So hats off to Brunei for surviving World War II, where ambuyat was probably a tougher obstacle than the Japanese. But if the sultan invites you to the palace, forget the five swimming pools and 564 chandeliers. If ambuyat is on his menu, don’t go.

Friday, June 20, 2008

Brunei on the Bounding Main

[Note: The following was reported on Asia Sentinel written by John Berthelsen, 19th June 2008.]

The oil-rich sultanate is trying to sell 3 modern warships its navy can’t use .

Want to buy a high-speed warship, cheap, never used, bristling with some of the most advanced weaponry on the high seas? Three of them, in fact? Call Brunei. They can’t use them.

Ever since the sultanate settled a confidential contract dispute over the vessels in the International Court of Arbitration in June 2006, its navy has been trying to get rid of three 95-meter-long corvettes, built by BAE Systems of the UK. Since July 2007, they have been parked in Walney Channel near BAE’s shipyard at Barrow-in-Furness in northwest England while Brunei seeks a buyer. The price for the three is ₤600 million (US$1.71 billion).

They are now in the hands of the German luxury yacht builder Fr. Lürssen Werft GmbH & Co. KG, which has been looking for a buyer for more than a year, rather than a military broker. A Lürssen Werft spokesman, asked about the three ships, said he would inquire and get back to Asia Sentinel, but so far hasn’t done it. One source said the three ships are being offered to the United Arab Republic, possibly through sources in Singapore. Malaysia also is believed to have looked at them briefly.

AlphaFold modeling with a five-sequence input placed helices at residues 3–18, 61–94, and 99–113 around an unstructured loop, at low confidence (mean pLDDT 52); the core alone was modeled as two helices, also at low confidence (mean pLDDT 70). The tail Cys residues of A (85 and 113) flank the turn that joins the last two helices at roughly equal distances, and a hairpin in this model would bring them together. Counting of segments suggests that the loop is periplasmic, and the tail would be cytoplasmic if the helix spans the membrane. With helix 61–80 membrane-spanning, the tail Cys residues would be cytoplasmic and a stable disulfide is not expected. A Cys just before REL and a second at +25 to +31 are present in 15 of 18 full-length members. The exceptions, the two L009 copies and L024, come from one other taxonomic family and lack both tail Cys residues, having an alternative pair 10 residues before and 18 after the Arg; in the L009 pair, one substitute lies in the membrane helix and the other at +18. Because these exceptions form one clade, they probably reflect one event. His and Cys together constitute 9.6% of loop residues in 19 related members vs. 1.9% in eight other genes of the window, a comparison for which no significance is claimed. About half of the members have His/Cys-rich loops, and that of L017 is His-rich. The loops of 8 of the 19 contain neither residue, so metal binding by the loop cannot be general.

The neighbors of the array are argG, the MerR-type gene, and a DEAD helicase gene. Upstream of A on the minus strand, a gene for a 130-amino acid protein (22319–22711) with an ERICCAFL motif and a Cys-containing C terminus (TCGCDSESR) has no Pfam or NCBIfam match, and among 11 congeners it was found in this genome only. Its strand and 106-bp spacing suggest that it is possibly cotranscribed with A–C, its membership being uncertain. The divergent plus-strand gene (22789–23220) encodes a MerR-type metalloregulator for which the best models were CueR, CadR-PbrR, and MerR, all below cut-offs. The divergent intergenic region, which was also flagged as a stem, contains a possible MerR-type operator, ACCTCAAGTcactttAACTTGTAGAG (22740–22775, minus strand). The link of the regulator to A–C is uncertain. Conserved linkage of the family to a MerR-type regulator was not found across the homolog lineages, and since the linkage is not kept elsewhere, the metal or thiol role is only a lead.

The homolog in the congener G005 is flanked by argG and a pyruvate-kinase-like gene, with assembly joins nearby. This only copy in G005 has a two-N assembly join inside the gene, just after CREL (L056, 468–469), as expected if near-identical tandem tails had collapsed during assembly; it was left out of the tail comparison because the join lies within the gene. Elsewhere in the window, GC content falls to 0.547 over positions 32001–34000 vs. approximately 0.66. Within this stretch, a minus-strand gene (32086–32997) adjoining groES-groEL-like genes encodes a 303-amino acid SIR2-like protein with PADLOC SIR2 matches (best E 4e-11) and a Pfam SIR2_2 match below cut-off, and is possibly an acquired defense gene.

“They have been taken away by the customer,” said a spokeswoman for BAE. “As I understand it, they are somewhere in the northwest, but they are not with BAE Systems. As far as the business is concerned, the customer took delivery. They are no longer moored with us.” She would not comment further.

The story began in 1995 when Brunei, which has only 66 miles of coastline, went looking for advanced protection for its 313,000 citizens, its oil reserves and its fabulously wealthy royal family. Brunei declines comment on its military affairs. But one source with connections to the Brunei government said that Sultan Hassanal Bolkiah is believed to have been swayed by a desire to project Bruneian naval power in an effort to hold the country’s portion of the much-disputed Spratly islands.

The Spratlys are a string of 51 small islands and reefs, 44 of which are claimed or occupied by every country contiguous to the South China Sea including China, the Philippines, Vietnam, Taiwan, Malaysia and Brunei, in a bid for fishing and energy rights. Brunei only recently became an active player in the Spratly dispute by claiming the Louisa Reef adjacent to its coastline in an apparent attempt to forestall any claims on its coast or its nine oil fields in the South China Sea, which average about 143,000 barrels per day.